Fixed Income Markets Wising Up to QE Tricks

Howard Simons
  MAR 06, 2014 10:10 AM

A look at fixed income returms during QE-era subperiods.


One of the many enduring mysteries of Wall Street is why fixed income traders regard themselves as being more erudite and sophisticated than equity traders. I long have suspected the reason behind this narcissism is that equity traders are working with an embedded call option and tend to focus on maximizing gains, whereas fixed income instruments have more limited upside and attract investors who are focused more on capital preservation and current income versus getting drunk and rowdy en route to a general good time.

Worse, fixed income traders regard their equity brethren as a collection of mouth-breathing rubes who simply have been lucky during the QE era. I noted last month that QE was nowhere near as important to equity returns as commonly believed. In fact, all of the hints, winks, raised eyebrows, leaks to favored reporters of major business newspapers, grunts before Congressional committees, and FOMC-member speeches before local Rotary Clubs have failed to produce statistically different returns since the taper-talk era began in May 2013. Moreover, all of this communications folderol has been decreasingly important since August 2012.

Fed Zigs, Bond Markets Zigs, Too: No Zags Here, Sir!

The same could not be said for fixed income markets, whether we were dealing with fixed income markets such as 7- to 10-year Treasuries, investment-grade corporate bond, or high-yield bonds prior to the actual commencement of tapering in December 2013.

Let's use the same methodology employed for analyzing the importance of QE to equities. To refresh, we can classify the QE era into 13 different periods; the current one began on December 18, 2013 with the first tapering of QE and presumably will continue until the mortgage-backed security and Treasury bond-buying program hits zero. We then can calculate the daily returns for the fixed income markets noted above across all 13 of these regimes. The dates of these periods and their means and standard deviations are presented below along with a probability that each period is different statistically from the previous one.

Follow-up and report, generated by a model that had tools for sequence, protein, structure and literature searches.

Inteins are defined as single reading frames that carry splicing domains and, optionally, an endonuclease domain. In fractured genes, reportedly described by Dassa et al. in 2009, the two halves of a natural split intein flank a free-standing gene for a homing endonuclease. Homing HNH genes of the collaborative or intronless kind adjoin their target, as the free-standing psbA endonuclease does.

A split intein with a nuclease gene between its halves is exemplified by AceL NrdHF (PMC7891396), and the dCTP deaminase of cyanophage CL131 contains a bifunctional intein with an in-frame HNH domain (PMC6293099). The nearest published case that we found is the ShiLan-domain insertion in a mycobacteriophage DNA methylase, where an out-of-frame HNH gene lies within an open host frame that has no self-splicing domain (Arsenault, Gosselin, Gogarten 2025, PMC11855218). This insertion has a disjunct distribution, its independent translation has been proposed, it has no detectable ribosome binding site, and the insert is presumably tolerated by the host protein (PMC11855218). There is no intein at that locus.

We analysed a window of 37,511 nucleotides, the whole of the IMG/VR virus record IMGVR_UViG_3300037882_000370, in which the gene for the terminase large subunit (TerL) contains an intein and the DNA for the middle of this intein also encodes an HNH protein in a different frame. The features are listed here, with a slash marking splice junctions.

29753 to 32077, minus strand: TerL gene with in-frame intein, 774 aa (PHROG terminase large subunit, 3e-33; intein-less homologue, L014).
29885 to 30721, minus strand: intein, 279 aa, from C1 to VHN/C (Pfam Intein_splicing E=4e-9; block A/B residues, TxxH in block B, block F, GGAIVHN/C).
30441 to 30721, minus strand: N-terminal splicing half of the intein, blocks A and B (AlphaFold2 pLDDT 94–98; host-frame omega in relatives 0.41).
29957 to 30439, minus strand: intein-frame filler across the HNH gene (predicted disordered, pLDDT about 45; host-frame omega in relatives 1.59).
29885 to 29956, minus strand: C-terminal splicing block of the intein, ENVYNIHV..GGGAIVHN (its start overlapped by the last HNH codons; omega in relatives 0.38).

The data in all three markets show very clearly how the fixed income markets took the taper bait in Period 11, May-September 2013. Returns were negative and were very different from those of Period 10, December 2012-April 2013, with the high-yield market's probability of difference reaching a night-and-day 98.8%. They then took the taper-postponement bait in Period 12, September-December 2013, with equal enthusiasm.

Once tapering began in December 2013, with an apparent intention of moving toward ending the whole QE era sometime in late 2014, fixed income returns remained positive. The same self-proclaimed Masters of the Universe who ran face-first into the wall during Period 11 have kept returns positive during the current Period 13.

Another way of looking at this is the bond traders reached the same conclusion the stock traders did as far back as August 2012, but only after chasing their tails every time they got the signal to do so. They get paid handsomely for such herding behavior even when bond investors lose money as they did in 2013. Let's hope this early evidence of discriminating behavior in Period 13 continues.

The test results are presented below in tabular form.

No positions in stocks mentioned.